However, Ulysse explained that the soccer potential in Brantford is limitless.

“It’s unbelievable how much the game has risen in our community. And it’s not only because of me but there are so many people now who are seeing the advantages of getting kids involved in sports…. And now that we’re so far away from the COVID pandemic, and we’re able to do things again [and] lots of groups have come out to offer programs…. I see a massive amount of growth in the soccer community,” Ulysse explained. “I have a colleague that I played men’s soccer with here in town. His name is Patryk Misik. He went to the national level of Canadian soccer at the U20. And he has since come home and now he has opened up an academy as well. We literally had zero opportunities before and now we have two academies in Brantford. The growth has been exponential.”

Ulysse’s Academy provides programs for many age groups and is always looking to develop new ones. Photo courtesy Ulysse Soccer Training.

Although Ulysse has to manage some limiting factors like securing indoor facilities which are typically outside the Brantford area (he has to rent space in Paris and Woodstock), to make the training effective year-round, the response for more year-round programs has been overwhelming.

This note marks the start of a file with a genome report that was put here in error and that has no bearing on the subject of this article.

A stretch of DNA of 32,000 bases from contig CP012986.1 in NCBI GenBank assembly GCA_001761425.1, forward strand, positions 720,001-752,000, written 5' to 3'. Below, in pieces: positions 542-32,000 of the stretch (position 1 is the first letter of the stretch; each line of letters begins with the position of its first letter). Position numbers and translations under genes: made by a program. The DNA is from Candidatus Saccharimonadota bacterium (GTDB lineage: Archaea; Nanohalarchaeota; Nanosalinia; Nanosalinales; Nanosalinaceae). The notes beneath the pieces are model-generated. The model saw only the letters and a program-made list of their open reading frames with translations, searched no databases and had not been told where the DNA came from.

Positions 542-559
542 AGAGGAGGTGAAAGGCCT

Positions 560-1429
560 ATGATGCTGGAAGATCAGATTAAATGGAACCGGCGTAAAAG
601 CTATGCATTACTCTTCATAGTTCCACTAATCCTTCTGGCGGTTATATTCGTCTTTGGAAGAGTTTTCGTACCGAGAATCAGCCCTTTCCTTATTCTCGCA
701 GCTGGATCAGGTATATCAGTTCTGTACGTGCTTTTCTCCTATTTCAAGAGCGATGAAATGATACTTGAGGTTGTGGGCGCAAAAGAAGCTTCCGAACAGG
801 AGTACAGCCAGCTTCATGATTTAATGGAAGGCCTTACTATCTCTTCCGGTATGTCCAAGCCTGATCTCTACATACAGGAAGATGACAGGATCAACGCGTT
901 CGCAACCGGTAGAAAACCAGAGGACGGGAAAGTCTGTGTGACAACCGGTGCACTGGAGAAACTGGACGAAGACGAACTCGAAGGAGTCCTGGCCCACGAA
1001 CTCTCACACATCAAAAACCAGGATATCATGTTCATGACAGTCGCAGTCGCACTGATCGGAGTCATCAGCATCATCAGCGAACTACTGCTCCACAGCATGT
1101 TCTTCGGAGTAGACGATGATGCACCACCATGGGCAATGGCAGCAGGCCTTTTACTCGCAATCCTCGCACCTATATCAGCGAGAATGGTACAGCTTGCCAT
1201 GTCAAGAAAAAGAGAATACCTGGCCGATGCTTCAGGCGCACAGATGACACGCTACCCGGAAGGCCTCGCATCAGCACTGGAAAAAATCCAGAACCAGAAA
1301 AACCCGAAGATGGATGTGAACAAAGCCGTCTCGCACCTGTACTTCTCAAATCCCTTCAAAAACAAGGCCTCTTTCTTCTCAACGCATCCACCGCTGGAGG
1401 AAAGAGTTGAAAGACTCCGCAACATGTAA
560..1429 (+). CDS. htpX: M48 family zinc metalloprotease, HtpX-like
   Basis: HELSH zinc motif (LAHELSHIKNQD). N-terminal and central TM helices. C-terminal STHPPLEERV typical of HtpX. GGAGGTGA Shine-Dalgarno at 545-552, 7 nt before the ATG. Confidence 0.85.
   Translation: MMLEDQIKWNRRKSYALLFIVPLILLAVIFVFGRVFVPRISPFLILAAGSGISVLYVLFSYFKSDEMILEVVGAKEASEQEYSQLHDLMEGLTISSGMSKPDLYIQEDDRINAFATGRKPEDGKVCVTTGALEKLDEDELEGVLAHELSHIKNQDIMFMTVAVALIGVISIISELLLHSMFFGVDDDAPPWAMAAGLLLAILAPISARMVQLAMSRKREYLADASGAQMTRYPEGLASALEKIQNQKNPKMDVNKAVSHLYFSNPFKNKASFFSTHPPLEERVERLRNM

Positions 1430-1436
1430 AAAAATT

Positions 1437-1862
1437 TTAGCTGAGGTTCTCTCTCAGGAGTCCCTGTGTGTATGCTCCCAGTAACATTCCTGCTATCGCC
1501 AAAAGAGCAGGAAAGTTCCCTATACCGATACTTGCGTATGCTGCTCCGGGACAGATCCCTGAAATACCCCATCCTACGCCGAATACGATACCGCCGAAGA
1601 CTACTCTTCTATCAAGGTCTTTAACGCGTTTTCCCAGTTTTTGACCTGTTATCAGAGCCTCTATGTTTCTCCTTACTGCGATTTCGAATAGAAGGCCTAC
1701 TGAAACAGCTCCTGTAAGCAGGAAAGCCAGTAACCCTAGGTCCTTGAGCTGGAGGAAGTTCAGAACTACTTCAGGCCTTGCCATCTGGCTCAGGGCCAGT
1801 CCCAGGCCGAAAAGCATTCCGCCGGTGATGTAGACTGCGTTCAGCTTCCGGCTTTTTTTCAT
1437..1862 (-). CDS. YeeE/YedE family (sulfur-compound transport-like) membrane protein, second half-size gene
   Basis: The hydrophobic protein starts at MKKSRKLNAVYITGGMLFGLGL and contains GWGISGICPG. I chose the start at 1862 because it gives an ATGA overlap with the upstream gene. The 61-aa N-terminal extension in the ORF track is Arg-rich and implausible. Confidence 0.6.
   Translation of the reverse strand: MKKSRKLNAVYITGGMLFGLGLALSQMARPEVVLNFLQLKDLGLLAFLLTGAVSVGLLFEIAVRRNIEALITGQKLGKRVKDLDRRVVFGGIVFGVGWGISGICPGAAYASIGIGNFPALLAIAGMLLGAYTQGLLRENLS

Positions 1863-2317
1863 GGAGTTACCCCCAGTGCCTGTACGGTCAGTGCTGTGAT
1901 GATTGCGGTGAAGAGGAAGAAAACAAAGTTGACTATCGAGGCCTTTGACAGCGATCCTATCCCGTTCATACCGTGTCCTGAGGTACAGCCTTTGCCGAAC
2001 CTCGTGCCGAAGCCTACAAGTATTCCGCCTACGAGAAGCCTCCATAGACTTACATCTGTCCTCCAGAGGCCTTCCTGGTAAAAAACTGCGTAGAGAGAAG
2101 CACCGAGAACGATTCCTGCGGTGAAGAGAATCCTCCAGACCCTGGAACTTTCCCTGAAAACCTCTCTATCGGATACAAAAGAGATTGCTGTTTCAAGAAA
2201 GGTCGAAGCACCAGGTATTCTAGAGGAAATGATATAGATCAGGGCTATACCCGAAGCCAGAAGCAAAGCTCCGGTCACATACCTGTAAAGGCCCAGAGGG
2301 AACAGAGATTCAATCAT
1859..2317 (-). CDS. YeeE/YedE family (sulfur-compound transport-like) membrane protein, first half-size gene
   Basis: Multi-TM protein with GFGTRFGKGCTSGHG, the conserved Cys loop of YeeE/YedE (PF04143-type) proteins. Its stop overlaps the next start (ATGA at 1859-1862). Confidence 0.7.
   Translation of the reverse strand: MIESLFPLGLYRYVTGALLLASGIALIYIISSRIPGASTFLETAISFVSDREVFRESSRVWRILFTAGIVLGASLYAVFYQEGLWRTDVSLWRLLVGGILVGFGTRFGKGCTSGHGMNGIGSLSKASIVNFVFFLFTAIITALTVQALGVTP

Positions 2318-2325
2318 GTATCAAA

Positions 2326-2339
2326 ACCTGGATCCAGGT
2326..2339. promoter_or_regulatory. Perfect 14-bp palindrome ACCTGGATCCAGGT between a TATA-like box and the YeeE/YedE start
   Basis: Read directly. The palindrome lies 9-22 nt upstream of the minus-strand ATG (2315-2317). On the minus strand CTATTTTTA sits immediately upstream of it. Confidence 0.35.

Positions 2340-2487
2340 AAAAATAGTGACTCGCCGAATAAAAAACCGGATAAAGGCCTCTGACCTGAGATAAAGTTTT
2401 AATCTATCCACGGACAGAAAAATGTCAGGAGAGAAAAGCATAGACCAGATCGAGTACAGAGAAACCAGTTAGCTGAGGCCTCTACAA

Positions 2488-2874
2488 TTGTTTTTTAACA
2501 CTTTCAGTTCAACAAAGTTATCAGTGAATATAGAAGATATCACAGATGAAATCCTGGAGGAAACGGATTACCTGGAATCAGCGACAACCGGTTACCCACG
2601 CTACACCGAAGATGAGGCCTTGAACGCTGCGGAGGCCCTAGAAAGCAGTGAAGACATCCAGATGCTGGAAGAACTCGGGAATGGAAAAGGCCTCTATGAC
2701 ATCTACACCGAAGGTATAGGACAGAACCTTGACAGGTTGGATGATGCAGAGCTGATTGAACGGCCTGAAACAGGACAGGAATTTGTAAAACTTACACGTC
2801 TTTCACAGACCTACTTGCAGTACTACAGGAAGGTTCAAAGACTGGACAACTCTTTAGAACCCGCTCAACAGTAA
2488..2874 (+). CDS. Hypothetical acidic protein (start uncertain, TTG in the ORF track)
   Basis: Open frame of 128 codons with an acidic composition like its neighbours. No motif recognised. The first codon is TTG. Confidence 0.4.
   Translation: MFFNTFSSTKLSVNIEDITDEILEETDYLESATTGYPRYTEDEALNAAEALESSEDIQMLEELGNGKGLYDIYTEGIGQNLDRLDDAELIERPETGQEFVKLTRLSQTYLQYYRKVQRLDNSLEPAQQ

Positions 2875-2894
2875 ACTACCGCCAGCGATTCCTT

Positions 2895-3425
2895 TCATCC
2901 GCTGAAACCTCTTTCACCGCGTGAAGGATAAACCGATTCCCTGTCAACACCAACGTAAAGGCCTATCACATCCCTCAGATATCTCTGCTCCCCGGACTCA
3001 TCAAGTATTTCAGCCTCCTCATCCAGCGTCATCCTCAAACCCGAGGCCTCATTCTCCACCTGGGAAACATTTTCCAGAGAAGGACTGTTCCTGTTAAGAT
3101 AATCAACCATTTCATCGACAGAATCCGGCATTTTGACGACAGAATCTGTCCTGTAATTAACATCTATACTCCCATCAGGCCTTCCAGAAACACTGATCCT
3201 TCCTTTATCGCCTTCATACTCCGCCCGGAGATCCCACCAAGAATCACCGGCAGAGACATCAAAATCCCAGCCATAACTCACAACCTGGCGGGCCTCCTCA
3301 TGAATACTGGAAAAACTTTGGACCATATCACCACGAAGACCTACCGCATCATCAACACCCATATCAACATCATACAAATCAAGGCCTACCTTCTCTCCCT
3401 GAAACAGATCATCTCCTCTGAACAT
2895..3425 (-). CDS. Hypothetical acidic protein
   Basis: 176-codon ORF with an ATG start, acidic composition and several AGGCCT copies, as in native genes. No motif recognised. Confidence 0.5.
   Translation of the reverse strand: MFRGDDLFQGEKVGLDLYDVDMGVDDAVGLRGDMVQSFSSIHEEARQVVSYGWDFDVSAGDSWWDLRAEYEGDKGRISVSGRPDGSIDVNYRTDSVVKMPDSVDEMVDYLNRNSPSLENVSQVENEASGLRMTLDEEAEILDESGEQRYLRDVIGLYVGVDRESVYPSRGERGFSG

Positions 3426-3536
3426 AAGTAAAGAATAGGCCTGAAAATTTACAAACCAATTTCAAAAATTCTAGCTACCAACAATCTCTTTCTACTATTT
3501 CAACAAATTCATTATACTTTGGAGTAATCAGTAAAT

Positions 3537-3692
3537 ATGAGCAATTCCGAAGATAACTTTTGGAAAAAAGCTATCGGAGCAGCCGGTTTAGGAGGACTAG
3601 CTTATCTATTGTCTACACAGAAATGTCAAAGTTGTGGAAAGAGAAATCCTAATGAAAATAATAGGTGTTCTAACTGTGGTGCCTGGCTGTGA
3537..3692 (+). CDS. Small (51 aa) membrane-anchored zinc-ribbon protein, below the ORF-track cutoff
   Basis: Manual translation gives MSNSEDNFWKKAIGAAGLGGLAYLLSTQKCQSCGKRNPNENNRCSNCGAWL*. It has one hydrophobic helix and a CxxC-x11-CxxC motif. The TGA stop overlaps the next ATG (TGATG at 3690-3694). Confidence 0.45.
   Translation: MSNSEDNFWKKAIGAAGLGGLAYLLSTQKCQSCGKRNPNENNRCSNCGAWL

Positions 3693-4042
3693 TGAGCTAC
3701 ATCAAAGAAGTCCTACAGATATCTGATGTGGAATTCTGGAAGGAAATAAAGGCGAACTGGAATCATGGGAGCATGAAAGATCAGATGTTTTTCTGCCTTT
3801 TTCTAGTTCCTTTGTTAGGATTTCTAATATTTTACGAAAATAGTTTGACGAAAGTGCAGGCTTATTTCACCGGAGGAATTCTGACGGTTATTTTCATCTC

“I have more and more parents asking if I can replicate this model for their age group. It’s kind of a tricky thing. I chose the age group of 2014-born players and I wanted to focus on them and develop this team. But then other parents in the community are thinking, ‘This is such a great thing. Can you do this for my age group? Can do it for boys and girls?’” Ulysse described. “So the tricky thing for me is going to be able to scale it. And to be able to provide that high Academy program for multiple teams. I do enjoy doing the grassroots program which has taken up a majority of my time in the past. But last year, we piloted the program with the 2014-born boys to say we’re going to do a 12-month focus on high achievement, and just develop them with good habits from the start.”

However, for Ulysse, it’s all about building relationships and fostering an environment where children can develop life skills.

“What’s been amazing for me, and it’s a large part of why I chose to be a teacher, is I learned from a young age that relationships are very important [and] learned over time that it’s the connection that you have with those people that can help to inspire and make life better. Not only for them but for everyone. For me, a lot of it comes down to relationship building and inspiring confidence in one another,” concluded Ulysse.